It had been a full year since I last rode in Saratoga at the 24-hour race last July, but the roads were still fresh in my mind. With L-E-L two weeks away, though, I decided that the 12-hour race was more in line with my general training plan. It would provide me with a final long ride, some speed work and a great day of fun out on the road. The other truly exciting part of the plan was that I brought along my first ever crew for support. I may not be cycling in the Tour de France, but with Eli, Izzy and Jessie mixing my drinks and passing me bottles, I felt like a rider on the ProTour (minus the EPO). What a difference a support crew can make. In this case, I was able to stop only twice for a total of maybe 7 minutes off the bike in 12 hours. I also feel like I showed up to the race in good form, having followed UMCA Director John Hughes' advice on tapering to the letter by really keeping the miles down over the past week with a few intense days of intervals to sharpen my speed and keep my legs fresh.
The Saratoga 12/24 is held on a lovely 32-mile course with gentle rolling hills, smooth, well-paved, low-traffic roads, and only one little nasty climb and a few miles of open fields and river which seem to naturally generate headwind. This year, the weather forecast wasn't too promising. It looked pretty definite that rain and thunderstorms would hit by late afternoon. As it turned out, the rain held off until around 6:30, so I only faced a downpour on the final lap. The nasty lightning even held off until the drive home. The headwinds were vicious, though, thoughout the day on the "back 9" side of the course with gusts up to 30 mph.
In all, this was a very successful race for me. I got out in front early and held onto third position for most of the day. Throughout three or four laps, RAAM veteran Rob Morlock and I rode at an acceptable distance away from one another in this non-drafting race, leapfrogging each other from time to time and chatting a little bit as we passed. Rob is an awfully nice guy who rode with the support of a crew that leapfrogged him at various spots along the route. It was a pleasure to watch their well-oiled machine in progress and I definitely learned a few things about racing from the experience. Later in the day, when the rider in first position dropped out, it seemed like I had third place sewn up. It wasn't until the final lap that I was passed in earnest by a rider on his fixed gear bike who went on to take third place overall and first in the fixed gear category.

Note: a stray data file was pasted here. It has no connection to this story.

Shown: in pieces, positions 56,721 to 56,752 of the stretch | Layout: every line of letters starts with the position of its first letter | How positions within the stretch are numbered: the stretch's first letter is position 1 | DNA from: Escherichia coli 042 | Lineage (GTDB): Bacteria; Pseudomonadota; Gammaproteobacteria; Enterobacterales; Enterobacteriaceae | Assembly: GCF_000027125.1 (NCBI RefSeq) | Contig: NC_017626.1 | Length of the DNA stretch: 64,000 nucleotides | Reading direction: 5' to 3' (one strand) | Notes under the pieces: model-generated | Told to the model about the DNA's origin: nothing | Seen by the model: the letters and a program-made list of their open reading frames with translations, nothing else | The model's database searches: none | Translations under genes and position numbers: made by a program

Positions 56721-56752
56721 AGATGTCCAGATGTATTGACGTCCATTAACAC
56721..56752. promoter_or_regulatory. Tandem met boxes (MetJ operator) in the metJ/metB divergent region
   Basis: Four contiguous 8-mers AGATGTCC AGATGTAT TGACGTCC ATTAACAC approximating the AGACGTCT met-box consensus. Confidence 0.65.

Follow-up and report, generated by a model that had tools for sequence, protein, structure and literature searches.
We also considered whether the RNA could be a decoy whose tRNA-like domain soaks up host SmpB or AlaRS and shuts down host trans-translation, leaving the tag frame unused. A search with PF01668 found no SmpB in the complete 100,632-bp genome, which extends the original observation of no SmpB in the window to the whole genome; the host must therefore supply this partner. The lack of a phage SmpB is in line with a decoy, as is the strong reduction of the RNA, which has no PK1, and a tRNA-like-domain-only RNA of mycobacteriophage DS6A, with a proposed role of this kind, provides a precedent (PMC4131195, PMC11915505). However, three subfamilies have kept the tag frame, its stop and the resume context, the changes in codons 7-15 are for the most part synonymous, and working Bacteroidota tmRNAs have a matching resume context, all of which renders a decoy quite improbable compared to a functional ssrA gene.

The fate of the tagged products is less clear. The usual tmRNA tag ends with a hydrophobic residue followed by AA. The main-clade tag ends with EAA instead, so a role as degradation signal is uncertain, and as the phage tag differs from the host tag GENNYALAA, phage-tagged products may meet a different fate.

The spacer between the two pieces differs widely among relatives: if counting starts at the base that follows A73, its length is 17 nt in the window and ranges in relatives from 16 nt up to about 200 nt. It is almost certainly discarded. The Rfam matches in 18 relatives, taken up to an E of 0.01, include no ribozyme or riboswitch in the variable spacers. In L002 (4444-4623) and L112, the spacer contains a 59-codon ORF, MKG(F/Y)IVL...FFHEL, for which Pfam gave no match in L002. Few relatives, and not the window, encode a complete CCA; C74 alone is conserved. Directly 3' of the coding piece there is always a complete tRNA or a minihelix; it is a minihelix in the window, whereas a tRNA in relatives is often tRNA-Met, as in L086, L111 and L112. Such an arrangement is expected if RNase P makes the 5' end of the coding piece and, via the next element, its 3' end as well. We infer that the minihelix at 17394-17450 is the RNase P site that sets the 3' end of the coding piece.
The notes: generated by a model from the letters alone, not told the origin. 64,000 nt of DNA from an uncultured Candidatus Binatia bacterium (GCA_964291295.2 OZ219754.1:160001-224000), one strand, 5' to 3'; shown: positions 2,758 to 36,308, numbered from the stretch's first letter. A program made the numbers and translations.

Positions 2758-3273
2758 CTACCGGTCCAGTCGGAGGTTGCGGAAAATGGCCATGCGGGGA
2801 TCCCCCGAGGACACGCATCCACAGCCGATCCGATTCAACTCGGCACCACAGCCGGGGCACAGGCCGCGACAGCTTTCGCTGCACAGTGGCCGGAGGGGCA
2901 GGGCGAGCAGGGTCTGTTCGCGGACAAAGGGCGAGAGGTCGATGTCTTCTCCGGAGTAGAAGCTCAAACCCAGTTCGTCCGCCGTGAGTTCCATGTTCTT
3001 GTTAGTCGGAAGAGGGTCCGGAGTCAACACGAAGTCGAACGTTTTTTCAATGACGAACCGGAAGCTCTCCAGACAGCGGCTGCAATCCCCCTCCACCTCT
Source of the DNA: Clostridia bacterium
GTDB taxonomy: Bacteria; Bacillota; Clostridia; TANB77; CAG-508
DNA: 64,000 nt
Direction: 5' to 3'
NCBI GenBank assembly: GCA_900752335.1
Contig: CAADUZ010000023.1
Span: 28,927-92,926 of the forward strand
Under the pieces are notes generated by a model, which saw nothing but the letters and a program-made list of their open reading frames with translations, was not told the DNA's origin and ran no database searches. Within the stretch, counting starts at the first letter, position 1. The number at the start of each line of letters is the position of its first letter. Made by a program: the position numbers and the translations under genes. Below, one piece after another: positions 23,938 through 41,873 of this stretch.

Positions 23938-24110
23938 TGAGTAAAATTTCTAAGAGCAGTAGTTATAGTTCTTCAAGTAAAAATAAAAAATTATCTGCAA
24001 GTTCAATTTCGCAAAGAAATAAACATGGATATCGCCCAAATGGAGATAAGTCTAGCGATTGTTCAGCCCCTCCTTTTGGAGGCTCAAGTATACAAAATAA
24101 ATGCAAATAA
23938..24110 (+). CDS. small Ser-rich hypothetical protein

I always learn something about training and racing with every event. What I learned from this race was:
1. Tapering is very good.
2. Regular speed and hill work are good.
3. Long base miles ridden during the winter seem to pay dividends.
4. Carrying more than two bottles on board the bike should be considered if and when I race without a crew.
5. Racing with a crew that leapfrogs and passes off nutrition and such through pedestrian hand-offs is the next horozon.
6. The race isn't over until its over.
It was such an honor and a pleasure to have my family along for the adventure. I'm sure I enjoyed it much more than they did, but I'm so glad that they have this little window into why I love being an endurance cyclist. I hope to include them in more interesting ways in the future. More immediately, though, I look forward to adding this result to my UMCA UltraCup standings, which have been languishing a bit since my last ultra race in April. With luck, I will finish strong in London and hope to ride at least two of the four laps at the ADK540 in September.
Next year's goal: to qualify for RAAM at one of the 500-mile races with a full crew.